Main image of article Learn to Manage Your Manager
Whether your manager is awesome, the second coming of the Pointy Haired Boss from Dilbert, or something in between, you’re going to have to manage them. “Wait,” you ask. “They’re my manager. Aren’t they supposed to manage me?” Yes, but as with most office relationships, this is very much a two-way street. In an ideal scenario, your manager provides guidance and helps your projects succeed. Dealing with your manager effectively not only helps with your personal goals (promotions, more project resources, etc.), but also makes team dynamics more efficient. So as much as you might want to lock down away from everyone and work on your projects—you’ve got deadlines, after all—here are some handy tips for crafting a better bond with whomever’s overseeing your work:

Get Face Time

While it’s sometimes great to have everybody leave you alone, take care that you don’t fall off your manager’s radar. A regular get-together not only gives you the chance to air your concerns, but also ensure that you keep your manager up-to-date on your current projects—which may help keep you adequately resourced. Remember to come to each meeting with an agenda or list of bullet-points to discuss.

Know Your Boss’s Boss

As Bob Dylan once sang, we all gotta serve somebody. Your manager has goals to meet, too; if you’re aware of what those are, you can adjust your projects and workflow to ensure they’re met. Your manager will look good in front of his or her boss, which could come in useful around bonus time.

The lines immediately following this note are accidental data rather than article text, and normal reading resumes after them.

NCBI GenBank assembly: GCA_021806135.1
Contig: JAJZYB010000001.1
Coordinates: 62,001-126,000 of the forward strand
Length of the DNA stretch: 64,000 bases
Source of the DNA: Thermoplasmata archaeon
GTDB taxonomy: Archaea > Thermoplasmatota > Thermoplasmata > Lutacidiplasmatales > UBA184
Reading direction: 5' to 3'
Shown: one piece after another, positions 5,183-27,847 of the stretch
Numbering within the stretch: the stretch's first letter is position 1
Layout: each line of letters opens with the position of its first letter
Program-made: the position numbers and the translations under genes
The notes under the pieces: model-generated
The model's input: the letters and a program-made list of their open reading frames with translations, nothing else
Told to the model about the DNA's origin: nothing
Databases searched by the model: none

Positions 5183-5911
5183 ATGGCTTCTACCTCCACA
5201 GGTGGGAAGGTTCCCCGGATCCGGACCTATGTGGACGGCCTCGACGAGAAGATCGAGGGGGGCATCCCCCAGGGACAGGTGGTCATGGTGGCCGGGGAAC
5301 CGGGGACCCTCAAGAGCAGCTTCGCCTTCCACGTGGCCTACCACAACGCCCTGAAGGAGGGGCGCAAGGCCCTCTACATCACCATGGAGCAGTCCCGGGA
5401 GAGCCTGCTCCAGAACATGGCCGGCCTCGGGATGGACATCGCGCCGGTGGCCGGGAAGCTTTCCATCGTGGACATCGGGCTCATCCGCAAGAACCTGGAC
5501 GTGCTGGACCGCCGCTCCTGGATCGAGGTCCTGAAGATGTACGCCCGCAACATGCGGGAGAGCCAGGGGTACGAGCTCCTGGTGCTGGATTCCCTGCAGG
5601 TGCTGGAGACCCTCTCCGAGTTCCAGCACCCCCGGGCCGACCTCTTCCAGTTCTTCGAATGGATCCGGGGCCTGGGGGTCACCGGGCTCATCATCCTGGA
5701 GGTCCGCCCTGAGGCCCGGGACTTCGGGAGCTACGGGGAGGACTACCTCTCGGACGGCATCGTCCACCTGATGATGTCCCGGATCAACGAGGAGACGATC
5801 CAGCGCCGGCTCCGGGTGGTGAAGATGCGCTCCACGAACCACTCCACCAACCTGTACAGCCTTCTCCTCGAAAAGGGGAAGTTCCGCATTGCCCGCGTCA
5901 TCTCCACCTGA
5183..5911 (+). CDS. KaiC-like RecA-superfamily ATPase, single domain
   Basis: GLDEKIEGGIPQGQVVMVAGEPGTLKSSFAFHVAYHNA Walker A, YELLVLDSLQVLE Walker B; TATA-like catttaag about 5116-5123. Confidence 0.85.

Present Solutions

You know what’s better than bringing a pressing issue to your boss? Bringing a full-fledged solution. Your manager will not only view you as a problem-solver, but perhaps grant you more responsibilities in the future.

Recognize Weakness

Your manager is a human being, complete with weaknesses and a predisposition toward certain ways of doing things. Before engaging with your manager on a regular basis, sit down and make a list of those weaknesses, strengths, and ways of working; evaluate how those interact with your own attributes. If you need to adjust your “style” in order to fit their needs, do so (within reason). That will help keep the relationship smooth and efficient.